ML: I have to say my biggest influences have been from literary writers rather than from travel writers per se. I say this because while I was doing all this travel writing, I was really working on my novel, The Voyeur. Robert Rodi who writes of gay Chicago was an influence in the sense that I have never read anyone else who so well describes the experience of all that comes at one peripherally when walking city streets. Great gay literary figures like Edmund White, Andrew Holleran, Felice Picano and Jaime Manrique have all also been influences and mentors in many ways. In terms of writing about angst and doubt, I would say Larry Kramer. He is more famous as an activist, creating ACT-UP and GMHC, but his writing is so full of Jewish angst and doubt, he is amazing to read.

WR: How has being a gay travel writer shaped your career?
ML: I believe this perspective has made me sensitive to different forms of writing and experiences within the travel genre, be it writing about or understanding women, African-Americans, Jews, children of immigrants who return to their ancestral areas and just different cultures in general. I also firmly believe, even if I am not always openly gay in all situations, that in Islamic cultures where men and women are generally very segregated, women can still sense something about me and trust me, and I can also easily slip into an all male environment devoid of women too. This has always been very helpful in Afghanistan in particular, and I believe I have been able to write sensitively about both men’s and women’s issues because of this.

WR: Has being gay in less open societies ever caused any problems? Any challenges?
ML: I am at times the first openly gay man some people have ever met in their whole lives, including in the travel industry, which I find sort of shocking at times. In Santiago, Chile in 2001, I was doing the very first, at least in English, gay travel story ever on the city. It is hard to believe, but even in the hotels, managers said they never met someone openly gay before. Of course, it being the travel industry they were surrounded by gay men but just did not know. In Tahiti, which supposedly because of Polynesian culture is gay-friendly, I was thrown out of a dance performance because the manager said she did not want anyone gay writing about the show. A woman surrounded by dancers who is homophobic is hard to believe if you are from New York. I also had rocks thrown at me in Tahiti, after leaving this area, but I was never sure if it was because of homophobia or because drunk people just hung out there and harassed tourists regardless. I do want to add that I think most people, even if they have never met a gay person, or don’t think they have, find the perspective interesting.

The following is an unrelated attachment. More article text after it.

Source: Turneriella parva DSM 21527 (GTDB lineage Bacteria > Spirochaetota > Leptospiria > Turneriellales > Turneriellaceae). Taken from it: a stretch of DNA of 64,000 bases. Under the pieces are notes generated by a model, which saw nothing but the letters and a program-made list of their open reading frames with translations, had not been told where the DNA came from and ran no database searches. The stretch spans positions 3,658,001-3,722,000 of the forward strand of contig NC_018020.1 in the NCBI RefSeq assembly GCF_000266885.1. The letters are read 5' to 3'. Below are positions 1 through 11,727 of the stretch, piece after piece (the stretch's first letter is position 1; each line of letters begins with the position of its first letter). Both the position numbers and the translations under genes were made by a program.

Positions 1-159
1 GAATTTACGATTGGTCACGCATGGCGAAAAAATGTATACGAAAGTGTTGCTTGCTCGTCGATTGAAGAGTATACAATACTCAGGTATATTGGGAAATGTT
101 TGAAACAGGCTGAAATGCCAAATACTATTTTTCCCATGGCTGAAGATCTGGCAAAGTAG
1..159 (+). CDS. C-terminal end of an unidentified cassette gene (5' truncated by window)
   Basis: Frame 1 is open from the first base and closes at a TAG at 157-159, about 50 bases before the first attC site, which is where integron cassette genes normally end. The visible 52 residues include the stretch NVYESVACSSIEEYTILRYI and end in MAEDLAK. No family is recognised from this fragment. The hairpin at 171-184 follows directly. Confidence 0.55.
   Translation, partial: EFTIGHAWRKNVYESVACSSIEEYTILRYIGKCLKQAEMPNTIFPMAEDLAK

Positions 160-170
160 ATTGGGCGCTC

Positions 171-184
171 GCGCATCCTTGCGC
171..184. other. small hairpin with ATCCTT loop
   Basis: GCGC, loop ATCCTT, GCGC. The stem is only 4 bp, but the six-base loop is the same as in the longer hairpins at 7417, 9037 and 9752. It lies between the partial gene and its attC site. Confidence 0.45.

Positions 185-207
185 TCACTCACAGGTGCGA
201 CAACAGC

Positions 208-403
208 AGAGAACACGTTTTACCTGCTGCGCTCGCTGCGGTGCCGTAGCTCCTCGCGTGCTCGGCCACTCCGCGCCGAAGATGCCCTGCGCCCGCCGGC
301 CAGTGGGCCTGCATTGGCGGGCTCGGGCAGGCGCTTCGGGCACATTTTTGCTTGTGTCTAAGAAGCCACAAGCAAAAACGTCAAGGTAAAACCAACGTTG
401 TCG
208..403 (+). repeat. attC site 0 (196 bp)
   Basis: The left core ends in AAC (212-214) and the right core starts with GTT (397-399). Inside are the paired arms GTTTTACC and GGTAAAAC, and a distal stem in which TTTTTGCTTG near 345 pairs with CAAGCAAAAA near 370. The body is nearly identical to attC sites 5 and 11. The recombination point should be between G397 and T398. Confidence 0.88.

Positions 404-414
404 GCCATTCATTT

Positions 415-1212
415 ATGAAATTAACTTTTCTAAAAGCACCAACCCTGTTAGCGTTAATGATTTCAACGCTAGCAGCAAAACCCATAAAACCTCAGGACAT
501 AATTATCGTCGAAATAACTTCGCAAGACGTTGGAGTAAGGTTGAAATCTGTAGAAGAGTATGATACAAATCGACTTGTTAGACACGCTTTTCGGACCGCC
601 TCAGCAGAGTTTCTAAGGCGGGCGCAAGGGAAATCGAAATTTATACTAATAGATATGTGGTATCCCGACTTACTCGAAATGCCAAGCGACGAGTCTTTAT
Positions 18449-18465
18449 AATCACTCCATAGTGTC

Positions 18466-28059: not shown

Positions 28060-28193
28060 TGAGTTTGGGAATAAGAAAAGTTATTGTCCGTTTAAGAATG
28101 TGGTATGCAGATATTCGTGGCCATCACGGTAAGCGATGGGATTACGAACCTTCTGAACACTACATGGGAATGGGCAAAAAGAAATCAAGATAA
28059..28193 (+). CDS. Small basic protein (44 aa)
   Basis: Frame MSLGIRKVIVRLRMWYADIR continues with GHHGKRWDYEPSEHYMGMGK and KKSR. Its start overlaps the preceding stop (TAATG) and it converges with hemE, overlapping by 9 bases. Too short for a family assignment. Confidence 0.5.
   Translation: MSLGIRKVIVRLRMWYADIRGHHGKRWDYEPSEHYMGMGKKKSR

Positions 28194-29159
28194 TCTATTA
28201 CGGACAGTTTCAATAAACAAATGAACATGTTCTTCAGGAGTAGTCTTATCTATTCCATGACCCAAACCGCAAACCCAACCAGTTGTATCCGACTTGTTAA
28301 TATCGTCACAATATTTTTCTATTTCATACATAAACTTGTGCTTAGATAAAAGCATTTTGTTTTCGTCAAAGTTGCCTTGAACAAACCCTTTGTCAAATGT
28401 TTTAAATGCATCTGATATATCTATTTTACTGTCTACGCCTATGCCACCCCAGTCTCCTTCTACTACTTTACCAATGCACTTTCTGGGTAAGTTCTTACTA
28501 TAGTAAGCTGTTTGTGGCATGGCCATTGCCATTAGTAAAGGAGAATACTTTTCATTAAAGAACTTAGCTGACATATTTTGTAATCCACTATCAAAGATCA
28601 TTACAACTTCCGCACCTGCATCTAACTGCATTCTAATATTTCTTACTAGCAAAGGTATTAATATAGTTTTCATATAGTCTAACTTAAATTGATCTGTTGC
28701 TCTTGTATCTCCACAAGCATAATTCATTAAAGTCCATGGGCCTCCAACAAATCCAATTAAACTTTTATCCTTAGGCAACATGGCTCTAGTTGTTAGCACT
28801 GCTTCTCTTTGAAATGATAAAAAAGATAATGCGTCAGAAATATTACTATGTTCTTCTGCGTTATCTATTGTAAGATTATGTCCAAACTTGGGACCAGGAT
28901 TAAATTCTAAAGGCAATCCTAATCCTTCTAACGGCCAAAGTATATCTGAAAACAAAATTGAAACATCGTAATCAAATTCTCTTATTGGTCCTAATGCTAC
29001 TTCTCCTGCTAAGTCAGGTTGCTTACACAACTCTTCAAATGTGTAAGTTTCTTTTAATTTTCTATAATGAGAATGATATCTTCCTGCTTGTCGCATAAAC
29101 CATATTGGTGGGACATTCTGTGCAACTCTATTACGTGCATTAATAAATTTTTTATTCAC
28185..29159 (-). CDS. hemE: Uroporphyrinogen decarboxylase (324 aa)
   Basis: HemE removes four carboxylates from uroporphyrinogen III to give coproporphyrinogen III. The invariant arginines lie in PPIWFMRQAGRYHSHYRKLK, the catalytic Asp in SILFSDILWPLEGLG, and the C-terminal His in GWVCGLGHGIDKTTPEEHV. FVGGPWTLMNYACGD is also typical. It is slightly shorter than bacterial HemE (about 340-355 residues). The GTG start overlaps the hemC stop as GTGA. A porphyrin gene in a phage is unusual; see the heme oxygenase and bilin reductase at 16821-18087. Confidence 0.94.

WR: Any advice for aspiring writers?
ML: My main advice is just to keep trying. Always believe in yourself. My new novel, not travel related at all, The Voyeur , took 8 years to be published. Actually trying to get it published over that time period is how I wound up in better and better publications like the New York Times, got other books, and got known to the point that it could be published, especially based on the success of my Frommer’s Buenos Aires guide which would seem so unrelated at first glance. The struggle was how I got that platform everyone talks about. Be a joiner also, get involved in the writing community where you live. That’s easy in a place like New York, but there are online forums. I list some groups to be involved with on my website. Get yourself to writers conferences where you meet other writers, editors etc. And cut the junk out of your life that keep you from writing – television, family guilt, spending money on senseless things at the mall, friends who put your ambitions down, all of that stands in the way of getting where you want to be. If you were given a talent, do not waste it, you owe that to yourself and the world.